Incremental progress meets Zeno’s Paradox

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L.I. Underhill is a media critic and historian specializing in pop culture, with a focus on science fiction (especially Star Trek) and video games. Their projects include a critical history of Star Trek told through the narrative of a war in time, a “heretical” history of The Legend of Zelda series and a literary postmodern reading of Jim Davis' Garfield.


  1. Froborr
    April 19, 2016 @ 9:44 am

    Bravo! I've always felt like there has to be a redemptive read for this episode, but I've never been able to find it myself.


  2. Dustin
    April 24, 2016 @ 11:04 pm

    Clearly, unambiguously, this is Terry Farrell's best episode yet. If, until now, I'd been unable to understand her approach (and the writers') to her character, this is the one that would illuminate it.

    I love everything she does here. But especially, taking note of her comment about the personalities of the host and symbiont being balanced, I love how she refers to herself in varying ways. Sometimes as Dax talking about its host in the third person, sometimes as Jadzia talking about her symbiont in the third person. Each one taking some umbrage, and some pride, from something in the other's past. Farrell's voice is subtly different in each of these scenes, too. Her mischievous side, expressed in a bold and impish voice, shines through: the tongo playing, the casual sex (at least, that's how I immediately read the scene). Her intellectual side is brilliantly expressed, and I'm not sure I've ever seen a Trek actor other than LeVar Burton handle technobabble as naturally as Farrell does here. And, of course, the powerfully empathetic and nurturing aspect that takes over at the end of Arjin's training, settling, once and for all for this pair of brilliant beings, how distinct they are from the entity that came before: taskmaster Curzon.

    But where I depart from your reading of Dax, Josh, is in your insistence that she's defined by some sort of conjoining of male and female "energies." This bothers me quite a bit, and feels too much like gender essentialism, coding Jadzia's empathy and tenderness as female, and her intellect and strength as male. I realize that the character is trapped in the context of late 20th Century sexual politics, and is always going to be a bit hobbled by them, and it further occurs to me how many opportunities Trek missed to use joined Trill in exploring transgender issues (though maybe it was for the best that a bunch of cis het male TV writers raised on garbage like Heinlein didn't try their hand at it). But I see Farrell's approach to the character, in her voice and her posture, as breaking apart the gender duality, disregarding the silly idea that there's any such thing as a quality or "energy" residing exclusively in one sex. Jadzia was a woman, true. Dax's prior host was a man, and Dax itself is . . . whatever a symbiont is. Together, they're several men and women simultaneously, countless attitudes and characteristics comingling in a distinct person who is, not agender, but maybe pangender (Tumblr fans would doubtless correct me for using these terms so imprecisely, and I'd welcome it!)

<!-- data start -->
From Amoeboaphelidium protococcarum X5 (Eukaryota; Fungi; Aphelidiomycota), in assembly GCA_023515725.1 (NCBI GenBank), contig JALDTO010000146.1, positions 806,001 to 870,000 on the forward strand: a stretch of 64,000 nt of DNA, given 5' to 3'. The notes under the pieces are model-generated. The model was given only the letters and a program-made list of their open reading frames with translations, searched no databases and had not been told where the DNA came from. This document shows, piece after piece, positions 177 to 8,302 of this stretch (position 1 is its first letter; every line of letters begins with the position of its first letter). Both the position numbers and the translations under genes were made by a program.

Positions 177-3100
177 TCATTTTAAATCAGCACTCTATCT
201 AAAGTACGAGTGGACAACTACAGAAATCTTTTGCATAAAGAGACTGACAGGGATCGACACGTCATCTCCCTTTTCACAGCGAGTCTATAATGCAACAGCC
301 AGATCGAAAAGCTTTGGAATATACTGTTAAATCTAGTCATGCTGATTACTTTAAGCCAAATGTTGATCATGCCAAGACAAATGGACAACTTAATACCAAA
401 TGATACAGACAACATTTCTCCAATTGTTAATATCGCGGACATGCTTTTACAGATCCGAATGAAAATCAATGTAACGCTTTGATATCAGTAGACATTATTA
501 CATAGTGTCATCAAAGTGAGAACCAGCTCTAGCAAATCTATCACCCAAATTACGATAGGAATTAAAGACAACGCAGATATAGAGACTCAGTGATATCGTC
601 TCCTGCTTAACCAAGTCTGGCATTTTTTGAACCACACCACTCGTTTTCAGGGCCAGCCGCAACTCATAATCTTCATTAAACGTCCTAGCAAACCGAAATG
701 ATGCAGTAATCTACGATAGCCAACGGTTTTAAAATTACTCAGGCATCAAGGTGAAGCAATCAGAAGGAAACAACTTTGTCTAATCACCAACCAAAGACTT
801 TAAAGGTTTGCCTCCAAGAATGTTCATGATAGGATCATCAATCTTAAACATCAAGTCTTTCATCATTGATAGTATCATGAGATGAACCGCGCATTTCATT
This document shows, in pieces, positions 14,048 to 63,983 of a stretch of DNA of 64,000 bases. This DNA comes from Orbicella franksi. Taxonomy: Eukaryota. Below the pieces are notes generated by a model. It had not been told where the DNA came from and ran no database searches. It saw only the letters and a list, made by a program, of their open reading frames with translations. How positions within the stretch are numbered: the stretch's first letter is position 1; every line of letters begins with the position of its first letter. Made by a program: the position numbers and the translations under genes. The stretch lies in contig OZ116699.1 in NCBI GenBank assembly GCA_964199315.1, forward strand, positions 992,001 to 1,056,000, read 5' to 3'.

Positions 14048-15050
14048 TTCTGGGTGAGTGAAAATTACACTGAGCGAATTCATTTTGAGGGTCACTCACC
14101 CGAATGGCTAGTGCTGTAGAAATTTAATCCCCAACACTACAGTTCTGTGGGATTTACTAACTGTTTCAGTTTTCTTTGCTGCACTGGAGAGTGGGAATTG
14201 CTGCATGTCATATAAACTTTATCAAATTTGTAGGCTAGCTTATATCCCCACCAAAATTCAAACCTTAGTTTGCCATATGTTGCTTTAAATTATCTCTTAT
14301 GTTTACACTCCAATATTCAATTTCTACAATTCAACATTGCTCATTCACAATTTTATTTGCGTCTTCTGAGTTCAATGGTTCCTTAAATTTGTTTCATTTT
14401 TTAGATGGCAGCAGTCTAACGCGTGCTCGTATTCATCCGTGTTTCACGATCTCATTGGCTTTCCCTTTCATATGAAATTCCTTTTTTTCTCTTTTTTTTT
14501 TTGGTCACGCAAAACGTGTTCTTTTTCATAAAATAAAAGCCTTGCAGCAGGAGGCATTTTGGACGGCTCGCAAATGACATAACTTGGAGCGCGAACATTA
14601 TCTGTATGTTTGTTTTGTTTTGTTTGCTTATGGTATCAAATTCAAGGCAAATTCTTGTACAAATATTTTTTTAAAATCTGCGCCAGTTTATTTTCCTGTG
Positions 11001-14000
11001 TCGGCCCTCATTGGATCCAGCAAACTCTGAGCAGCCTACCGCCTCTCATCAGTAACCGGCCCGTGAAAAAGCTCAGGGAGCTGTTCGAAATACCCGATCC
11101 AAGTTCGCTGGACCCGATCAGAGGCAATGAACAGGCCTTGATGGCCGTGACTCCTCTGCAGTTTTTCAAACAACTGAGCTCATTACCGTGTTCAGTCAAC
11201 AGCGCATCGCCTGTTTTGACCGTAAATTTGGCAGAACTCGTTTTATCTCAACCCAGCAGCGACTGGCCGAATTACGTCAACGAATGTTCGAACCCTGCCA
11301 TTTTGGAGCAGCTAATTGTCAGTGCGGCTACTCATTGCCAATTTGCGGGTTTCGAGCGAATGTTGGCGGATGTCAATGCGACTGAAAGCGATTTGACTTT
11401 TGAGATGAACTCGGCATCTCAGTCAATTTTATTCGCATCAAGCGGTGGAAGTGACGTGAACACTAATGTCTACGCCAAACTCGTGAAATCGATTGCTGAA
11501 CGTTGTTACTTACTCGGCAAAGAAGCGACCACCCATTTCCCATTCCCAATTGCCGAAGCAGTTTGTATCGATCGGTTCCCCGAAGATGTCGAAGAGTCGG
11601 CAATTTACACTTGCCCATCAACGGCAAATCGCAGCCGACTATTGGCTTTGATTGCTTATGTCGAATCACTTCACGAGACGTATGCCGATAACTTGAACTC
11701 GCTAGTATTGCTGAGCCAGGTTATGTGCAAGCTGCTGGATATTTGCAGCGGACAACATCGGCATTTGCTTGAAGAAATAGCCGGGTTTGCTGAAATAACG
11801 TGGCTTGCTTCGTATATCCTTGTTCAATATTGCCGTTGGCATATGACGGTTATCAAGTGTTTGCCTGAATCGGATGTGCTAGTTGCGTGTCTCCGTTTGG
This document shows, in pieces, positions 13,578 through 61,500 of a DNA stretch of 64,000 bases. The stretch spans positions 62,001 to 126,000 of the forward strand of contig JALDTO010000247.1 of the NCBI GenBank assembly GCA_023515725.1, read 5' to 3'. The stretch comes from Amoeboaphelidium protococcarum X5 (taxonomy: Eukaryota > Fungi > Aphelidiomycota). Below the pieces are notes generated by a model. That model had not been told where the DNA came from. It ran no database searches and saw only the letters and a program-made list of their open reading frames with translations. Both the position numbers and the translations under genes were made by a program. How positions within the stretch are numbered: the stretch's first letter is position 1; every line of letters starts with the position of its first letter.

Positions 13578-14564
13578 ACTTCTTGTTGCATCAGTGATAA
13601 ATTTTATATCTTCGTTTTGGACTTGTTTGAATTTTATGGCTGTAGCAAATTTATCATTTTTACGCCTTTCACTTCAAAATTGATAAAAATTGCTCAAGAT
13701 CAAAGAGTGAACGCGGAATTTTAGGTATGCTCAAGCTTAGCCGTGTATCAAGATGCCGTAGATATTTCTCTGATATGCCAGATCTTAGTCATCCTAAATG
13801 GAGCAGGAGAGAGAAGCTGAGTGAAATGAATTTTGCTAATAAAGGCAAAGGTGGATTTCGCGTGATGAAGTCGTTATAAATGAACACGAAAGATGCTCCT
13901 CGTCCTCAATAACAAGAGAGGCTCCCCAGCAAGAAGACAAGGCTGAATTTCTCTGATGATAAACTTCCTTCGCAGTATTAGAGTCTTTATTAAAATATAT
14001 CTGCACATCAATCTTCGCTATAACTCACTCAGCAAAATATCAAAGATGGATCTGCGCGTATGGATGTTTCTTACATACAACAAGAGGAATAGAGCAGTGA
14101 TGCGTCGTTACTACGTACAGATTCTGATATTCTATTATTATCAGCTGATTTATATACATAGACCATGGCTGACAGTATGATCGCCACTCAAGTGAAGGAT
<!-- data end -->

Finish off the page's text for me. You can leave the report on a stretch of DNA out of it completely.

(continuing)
Funny, how the actual crisis of the episode, the expanding proto-universe, occupied so little of my thoughts. I guess because the moral dilemma never seeemed seriously posed to me. Of course they were never going to kill it and would always have found a way to preserve it.

    Sorry these comments are so long. I'm catching back up to the blog and I've a lot of pent-up thoughts.


  3. Daru
    May 16, 2016 @ 9:09 pm

    So much I enjoyed about this post – what a great read! I adore the idea of the tiny universe and what a great episode for Jadzia. Interesting points regarding gender above Dustin and I like what you are saying about the concept of Jadzia being pangender or something more.


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